Linked open data Traditionally, content-based recommender systems used metadata descriptions of items, or full-text indexing of textual items (Belkin and Croft 1992). Today, the introduction of Linked Open Data (LOD) offers new ways to extend item descriptions with external knowledge sources (Di Noia et al. 2012; Musto et al. 2017b). Early work by Passant (2010), for example, used DBpedia as an external knowledge source for music recommendation. Since then, Linked Open Data was used to enrich item descriptions for many application domains, including movie and book recommendation (Musto et al. 2017a), and music and sound recommendation (Oramas et al. 2017). One advantage of the explicit semantics of Linked Data is that they can also be used to optimize specific measures like diversity (Musto et al. 2017a). Furthermore, Linked Data can serve as a basis to generate explanations and to thereby increase recommendation transparency (Musto et al. 2019). Overall, data from the LOD cloud were successfully applied for recommendations in several domains, and various opportunities exist to connect LOD information with other types of side information, as shown in Oramas et al. (2017) for music recommendation.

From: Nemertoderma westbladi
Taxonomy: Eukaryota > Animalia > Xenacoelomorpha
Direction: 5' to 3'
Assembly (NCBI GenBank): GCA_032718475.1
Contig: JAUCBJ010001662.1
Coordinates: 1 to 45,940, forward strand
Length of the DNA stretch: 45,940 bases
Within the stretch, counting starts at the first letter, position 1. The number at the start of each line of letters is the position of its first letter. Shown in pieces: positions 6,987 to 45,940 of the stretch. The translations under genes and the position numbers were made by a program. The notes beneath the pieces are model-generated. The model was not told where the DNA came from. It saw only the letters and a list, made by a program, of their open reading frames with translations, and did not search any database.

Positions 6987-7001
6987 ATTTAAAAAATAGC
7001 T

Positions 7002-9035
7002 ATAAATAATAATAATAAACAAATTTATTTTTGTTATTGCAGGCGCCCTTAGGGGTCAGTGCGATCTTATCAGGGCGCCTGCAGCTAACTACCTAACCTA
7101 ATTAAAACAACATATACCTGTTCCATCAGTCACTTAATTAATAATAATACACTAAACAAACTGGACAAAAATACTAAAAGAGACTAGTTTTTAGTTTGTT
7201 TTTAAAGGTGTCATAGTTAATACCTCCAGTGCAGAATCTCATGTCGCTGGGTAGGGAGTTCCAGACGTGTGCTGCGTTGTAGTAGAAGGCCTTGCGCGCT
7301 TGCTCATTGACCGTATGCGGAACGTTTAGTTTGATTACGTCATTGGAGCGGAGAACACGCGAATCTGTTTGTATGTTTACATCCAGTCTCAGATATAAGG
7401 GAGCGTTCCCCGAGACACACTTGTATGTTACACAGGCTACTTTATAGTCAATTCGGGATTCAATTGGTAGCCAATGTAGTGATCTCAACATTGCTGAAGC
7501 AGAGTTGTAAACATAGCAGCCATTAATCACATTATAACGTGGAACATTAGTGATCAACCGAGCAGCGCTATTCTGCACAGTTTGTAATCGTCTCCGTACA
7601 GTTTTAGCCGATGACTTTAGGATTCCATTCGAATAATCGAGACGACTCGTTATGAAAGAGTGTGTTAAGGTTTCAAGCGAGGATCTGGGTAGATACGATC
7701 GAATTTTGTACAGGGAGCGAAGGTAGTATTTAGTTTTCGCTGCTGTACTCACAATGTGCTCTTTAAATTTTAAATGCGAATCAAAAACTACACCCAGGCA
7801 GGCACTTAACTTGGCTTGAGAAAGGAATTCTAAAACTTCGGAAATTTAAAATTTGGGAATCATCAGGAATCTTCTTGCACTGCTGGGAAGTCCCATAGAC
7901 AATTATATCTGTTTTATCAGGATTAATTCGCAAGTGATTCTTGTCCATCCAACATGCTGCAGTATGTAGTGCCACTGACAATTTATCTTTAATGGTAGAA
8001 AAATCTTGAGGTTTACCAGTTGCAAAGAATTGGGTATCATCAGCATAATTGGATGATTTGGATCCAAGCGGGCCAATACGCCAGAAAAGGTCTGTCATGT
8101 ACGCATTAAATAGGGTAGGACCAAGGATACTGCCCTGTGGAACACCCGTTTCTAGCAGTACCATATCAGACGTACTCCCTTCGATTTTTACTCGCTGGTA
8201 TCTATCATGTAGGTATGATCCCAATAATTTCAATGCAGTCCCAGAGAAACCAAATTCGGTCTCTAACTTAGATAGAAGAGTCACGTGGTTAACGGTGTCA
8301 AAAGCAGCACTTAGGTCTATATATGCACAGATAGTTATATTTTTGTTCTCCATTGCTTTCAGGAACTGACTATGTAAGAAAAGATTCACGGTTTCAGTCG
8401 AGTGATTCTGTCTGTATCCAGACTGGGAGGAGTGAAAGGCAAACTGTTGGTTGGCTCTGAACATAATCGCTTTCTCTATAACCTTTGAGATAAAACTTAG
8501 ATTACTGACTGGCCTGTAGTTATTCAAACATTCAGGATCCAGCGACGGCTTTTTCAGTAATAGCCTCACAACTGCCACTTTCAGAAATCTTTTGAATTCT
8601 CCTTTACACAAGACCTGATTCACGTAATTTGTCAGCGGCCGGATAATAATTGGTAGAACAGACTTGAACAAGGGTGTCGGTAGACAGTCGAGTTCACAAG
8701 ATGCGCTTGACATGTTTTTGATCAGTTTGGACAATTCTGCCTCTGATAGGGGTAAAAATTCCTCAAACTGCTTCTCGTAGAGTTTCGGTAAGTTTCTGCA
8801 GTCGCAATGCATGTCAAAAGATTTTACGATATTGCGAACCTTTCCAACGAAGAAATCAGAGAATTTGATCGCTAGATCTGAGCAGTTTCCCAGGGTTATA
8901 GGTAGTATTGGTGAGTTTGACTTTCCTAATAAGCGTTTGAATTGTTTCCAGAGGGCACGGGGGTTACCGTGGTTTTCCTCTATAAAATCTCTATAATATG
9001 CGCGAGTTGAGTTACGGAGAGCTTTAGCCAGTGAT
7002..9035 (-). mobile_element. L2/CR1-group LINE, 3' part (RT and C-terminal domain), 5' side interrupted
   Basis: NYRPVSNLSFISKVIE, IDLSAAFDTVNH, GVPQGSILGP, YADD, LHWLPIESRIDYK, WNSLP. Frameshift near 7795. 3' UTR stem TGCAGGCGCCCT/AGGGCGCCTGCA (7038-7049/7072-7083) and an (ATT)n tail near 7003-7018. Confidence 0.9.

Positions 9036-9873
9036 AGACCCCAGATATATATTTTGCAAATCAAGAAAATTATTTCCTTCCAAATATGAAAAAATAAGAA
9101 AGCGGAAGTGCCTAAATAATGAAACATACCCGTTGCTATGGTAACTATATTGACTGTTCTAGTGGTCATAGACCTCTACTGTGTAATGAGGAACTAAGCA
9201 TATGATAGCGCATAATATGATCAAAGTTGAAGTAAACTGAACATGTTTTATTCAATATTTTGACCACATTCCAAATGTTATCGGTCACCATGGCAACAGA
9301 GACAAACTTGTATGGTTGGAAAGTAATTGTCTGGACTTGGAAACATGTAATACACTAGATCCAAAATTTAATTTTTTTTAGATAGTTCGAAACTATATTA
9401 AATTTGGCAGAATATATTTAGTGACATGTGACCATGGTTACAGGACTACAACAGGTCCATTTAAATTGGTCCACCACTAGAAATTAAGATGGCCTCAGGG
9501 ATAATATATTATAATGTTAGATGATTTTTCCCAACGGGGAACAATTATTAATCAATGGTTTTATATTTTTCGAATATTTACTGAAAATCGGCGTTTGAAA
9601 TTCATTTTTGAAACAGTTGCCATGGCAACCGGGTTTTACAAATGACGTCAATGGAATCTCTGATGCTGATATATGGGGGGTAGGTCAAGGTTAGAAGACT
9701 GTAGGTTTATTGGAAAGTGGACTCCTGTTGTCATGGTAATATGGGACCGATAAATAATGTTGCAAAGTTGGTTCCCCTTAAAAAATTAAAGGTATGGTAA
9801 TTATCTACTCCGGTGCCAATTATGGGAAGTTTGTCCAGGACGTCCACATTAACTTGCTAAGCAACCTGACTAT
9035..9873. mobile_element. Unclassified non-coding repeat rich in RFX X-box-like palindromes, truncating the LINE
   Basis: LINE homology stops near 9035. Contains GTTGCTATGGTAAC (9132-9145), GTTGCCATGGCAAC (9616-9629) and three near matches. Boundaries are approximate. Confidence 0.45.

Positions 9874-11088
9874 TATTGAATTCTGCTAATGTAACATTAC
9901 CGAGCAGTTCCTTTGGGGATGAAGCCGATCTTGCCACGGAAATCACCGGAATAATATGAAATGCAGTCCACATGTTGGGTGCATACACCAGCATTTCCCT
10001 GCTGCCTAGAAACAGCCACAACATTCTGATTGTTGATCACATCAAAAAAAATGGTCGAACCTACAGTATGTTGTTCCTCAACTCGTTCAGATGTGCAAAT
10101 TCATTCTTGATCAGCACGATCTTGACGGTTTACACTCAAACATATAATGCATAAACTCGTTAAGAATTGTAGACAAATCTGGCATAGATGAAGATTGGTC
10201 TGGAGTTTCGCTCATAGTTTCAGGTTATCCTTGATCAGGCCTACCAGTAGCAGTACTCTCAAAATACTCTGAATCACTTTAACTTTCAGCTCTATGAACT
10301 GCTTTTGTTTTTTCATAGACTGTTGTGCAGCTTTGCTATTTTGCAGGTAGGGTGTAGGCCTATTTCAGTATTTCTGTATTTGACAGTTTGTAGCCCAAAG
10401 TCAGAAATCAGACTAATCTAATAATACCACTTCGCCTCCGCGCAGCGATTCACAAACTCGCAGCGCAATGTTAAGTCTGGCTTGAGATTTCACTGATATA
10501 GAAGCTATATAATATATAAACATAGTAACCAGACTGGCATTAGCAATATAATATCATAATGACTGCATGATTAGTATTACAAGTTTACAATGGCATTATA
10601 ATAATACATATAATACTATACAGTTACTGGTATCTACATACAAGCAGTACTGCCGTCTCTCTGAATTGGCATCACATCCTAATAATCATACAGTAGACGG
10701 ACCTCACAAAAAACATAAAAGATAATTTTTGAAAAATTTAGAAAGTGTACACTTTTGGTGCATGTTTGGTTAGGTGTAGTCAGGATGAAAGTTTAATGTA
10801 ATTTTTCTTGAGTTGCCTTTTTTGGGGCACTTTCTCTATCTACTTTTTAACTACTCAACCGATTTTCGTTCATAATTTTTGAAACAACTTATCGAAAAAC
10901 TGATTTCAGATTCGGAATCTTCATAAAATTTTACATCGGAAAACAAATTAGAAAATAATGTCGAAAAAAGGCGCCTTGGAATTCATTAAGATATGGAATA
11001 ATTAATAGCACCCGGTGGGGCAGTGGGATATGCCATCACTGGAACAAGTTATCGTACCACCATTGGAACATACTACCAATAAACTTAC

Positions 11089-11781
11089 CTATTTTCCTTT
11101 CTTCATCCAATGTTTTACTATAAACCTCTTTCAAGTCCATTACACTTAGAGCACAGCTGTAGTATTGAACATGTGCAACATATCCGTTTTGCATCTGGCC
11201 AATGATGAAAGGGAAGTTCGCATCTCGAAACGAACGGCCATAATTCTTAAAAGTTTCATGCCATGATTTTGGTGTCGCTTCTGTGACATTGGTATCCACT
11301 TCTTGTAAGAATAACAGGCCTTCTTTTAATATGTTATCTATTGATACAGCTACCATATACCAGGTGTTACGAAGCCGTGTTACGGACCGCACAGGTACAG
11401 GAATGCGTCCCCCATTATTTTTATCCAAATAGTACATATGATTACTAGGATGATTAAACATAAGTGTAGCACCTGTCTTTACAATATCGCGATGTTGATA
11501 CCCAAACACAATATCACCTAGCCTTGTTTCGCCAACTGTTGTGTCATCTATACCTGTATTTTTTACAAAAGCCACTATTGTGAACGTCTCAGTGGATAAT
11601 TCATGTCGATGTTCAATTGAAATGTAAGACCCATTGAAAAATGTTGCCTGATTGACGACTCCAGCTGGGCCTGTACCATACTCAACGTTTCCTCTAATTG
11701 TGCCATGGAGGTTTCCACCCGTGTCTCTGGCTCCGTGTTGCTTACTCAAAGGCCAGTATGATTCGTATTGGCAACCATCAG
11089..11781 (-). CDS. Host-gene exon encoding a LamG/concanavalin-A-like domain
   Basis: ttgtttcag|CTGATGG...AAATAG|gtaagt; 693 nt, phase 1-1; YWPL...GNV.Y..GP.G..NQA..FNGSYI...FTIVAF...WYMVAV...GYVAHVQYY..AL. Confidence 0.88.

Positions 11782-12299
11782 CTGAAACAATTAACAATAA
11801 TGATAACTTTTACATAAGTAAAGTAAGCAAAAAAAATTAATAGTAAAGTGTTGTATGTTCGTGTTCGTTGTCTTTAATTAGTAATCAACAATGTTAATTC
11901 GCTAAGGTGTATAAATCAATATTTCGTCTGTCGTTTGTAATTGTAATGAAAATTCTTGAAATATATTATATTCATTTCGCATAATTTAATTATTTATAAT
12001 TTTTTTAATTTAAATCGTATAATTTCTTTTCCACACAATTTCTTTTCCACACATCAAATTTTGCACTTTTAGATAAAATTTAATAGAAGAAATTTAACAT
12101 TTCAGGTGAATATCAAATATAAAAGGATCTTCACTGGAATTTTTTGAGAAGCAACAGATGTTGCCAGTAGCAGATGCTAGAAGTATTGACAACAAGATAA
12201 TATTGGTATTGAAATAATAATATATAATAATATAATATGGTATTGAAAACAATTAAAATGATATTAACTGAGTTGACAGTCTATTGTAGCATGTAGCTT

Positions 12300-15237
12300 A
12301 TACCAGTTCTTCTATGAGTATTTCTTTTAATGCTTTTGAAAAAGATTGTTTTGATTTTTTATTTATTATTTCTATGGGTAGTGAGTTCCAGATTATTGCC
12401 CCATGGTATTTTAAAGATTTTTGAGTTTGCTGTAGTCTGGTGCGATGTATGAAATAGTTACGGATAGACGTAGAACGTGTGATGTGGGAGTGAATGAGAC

User-generated content (UGC) With the emergence of the participatory web (Web 2.0), various types of UGC became available, such as product reviews, user tags and forum discussions. Most of the early works that tried to leverage this information in the recommendation context focused on user-provided tags, which were used in a variety of ways, e.g., to enhance user and item profiles, or to explain recommendations to users (Jäschke et al. 2007; Vig et al. 2009).Footnote 1 In another stream of works, researchers focused on user reviews and tried to extract various types of information from them, including semantics or user opinions and sentiments, that can be used in the recommendation process. Like for the tag-based approaches, recommendation methods based on UGC not only leverage this side information to improve recommendation quality, but also as a means to explain the recommendations to users. An in-depth review of such approaches can be found in Chen et al. (2015).